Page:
Always Beautiful, and Now More Versatile Thanks to Modern Materials
French doors have been used for centuries as the main entrance to some of the world's most magnificent buildings. Install them singly or as a pair to your contemporary home for added light and elegance.
What Characterizes a French Door?
You may know a French door as two identical doors that are hinged on opposite sides of the same frame and open as a pair. This description, however, is only partially correct, as a French door can actually be a single door instead of a pair. Historically, what denotes this type of door is the use of glass over the majority of the door's surface area.
In a typical French door, wood stiles and rails (vertical and horizontal framing components) hold a number of glass panes (called "lites") in place. Decorative wood mullions (also known as muntins), separate the glass panes from each other.
A door that accords with the true French style has many individual panes of glass separated from each other by muntins, a design known as "true divided light". True divided light French doors are very costly, however, so most manufacturers employ an alternative construction method. Contemporary styles use a single pane of glass with premade grids of wood applied to simulate individual "lites" of glass. This faux fabrication technique, known as "simulated divided light", allows French doors to be affordable for the average homeowner.
French Door Considerations
Because French doors are renowned for their elegance and beauty, most manufacturers avoid cutting corners by offering solid wood construction. Common wood species used for French door building include mahogany, fir, walnut, and oak.
Other, less-expensive materials are available, though, such as metal, fiberglass and vinyl-laminated wood. Most are made to simulate real wood, and they tend to have a longer lifespan and require less upkeep than their wood counterparts.
Exterior French Doors
Many people assume that a door made primarily of glass is limited to interior applications only, but this isn't the case with French doors. The invention of laminates and safety glass has increased their popularity as entry doors in recent years. Exterior French doors also come with espagnolettes (vertical deadbolts) for added security. Made from tempered steel, these bolts penetrate the floor and head jamb - often by several inches - to strengthen the door.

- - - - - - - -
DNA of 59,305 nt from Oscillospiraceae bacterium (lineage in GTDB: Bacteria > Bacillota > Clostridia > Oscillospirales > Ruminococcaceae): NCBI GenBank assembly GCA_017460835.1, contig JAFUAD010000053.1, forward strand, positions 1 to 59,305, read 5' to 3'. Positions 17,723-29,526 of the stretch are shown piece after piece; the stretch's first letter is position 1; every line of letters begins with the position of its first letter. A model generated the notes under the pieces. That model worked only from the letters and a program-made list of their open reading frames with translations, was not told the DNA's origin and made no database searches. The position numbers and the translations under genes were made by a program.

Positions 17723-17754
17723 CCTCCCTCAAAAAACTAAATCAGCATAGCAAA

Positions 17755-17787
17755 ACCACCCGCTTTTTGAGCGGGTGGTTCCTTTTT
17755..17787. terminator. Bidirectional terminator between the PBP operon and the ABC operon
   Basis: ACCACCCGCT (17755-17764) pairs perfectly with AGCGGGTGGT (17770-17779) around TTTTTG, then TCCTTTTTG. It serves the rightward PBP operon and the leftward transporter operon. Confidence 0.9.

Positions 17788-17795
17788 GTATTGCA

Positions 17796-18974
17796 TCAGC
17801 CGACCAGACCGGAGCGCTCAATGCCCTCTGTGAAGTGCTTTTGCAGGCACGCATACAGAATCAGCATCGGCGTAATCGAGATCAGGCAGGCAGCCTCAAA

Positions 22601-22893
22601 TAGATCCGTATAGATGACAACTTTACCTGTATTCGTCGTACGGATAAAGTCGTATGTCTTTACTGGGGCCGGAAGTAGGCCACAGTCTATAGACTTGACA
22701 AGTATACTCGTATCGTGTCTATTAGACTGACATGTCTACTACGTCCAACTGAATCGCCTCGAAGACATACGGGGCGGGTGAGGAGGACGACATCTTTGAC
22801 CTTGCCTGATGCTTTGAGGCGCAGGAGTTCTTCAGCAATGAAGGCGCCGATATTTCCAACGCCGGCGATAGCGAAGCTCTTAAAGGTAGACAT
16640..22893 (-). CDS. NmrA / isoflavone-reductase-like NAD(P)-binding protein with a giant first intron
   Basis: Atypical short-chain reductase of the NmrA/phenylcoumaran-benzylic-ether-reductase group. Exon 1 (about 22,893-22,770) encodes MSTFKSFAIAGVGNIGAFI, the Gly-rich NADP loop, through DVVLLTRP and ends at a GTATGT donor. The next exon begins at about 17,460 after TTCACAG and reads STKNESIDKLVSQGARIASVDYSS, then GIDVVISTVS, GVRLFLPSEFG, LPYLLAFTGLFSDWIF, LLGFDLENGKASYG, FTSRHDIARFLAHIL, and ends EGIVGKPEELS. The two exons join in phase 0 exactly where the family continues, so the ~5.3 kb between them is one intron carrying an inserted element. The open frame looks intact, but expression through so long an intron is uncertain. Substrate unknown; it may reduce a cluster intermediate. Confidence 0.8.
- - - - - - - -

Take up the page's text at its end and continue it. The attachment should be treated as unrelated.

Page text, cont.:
Interior French Doors
French doors, while they're becoming more popular for exterior uses, are still primarily used on the inside of homes. Double French doors are often found as entryways to formal dining rooms, studies, libraries, and game rooms, where a wide doorway adds a stately dimension. Of course, they can be used anywhere in the home, and several door designs, as well as different-colored glass, are available to provide the appropriate aesthetic.
French doors are also sold in a variety of sizes. Expect local stores to have widths of 30", 32", and 36". For double door installations these widths double to 60", 64", and 72" (6 feet). French door heights are typically 6' 8", (80") and 6' 11" (83"). Most door manufacturers additionally offer custom sizes to accommodate specific project needs.
French Door Costs
Please note that the prices below are for a typical 6' 8" tall by 5 foot wide double French door.
- A typical fiberglass French door costs $1,100 to $1,500 installed.
- Interior wood French doors cost $700 to $1,000 installed.
- An exterior wood French door might cost anywhere from $1,200 to $3,000 installed. On the higher end of the price spectrum are woods such as mahogany, cedar and oak.
- Vinyl-capped wood French doors cost $1,000 to $1,400 installed
- Expect a typical single French door to cost $300 to $700, although you could pay up to $1,500 for a high quality solid wood door.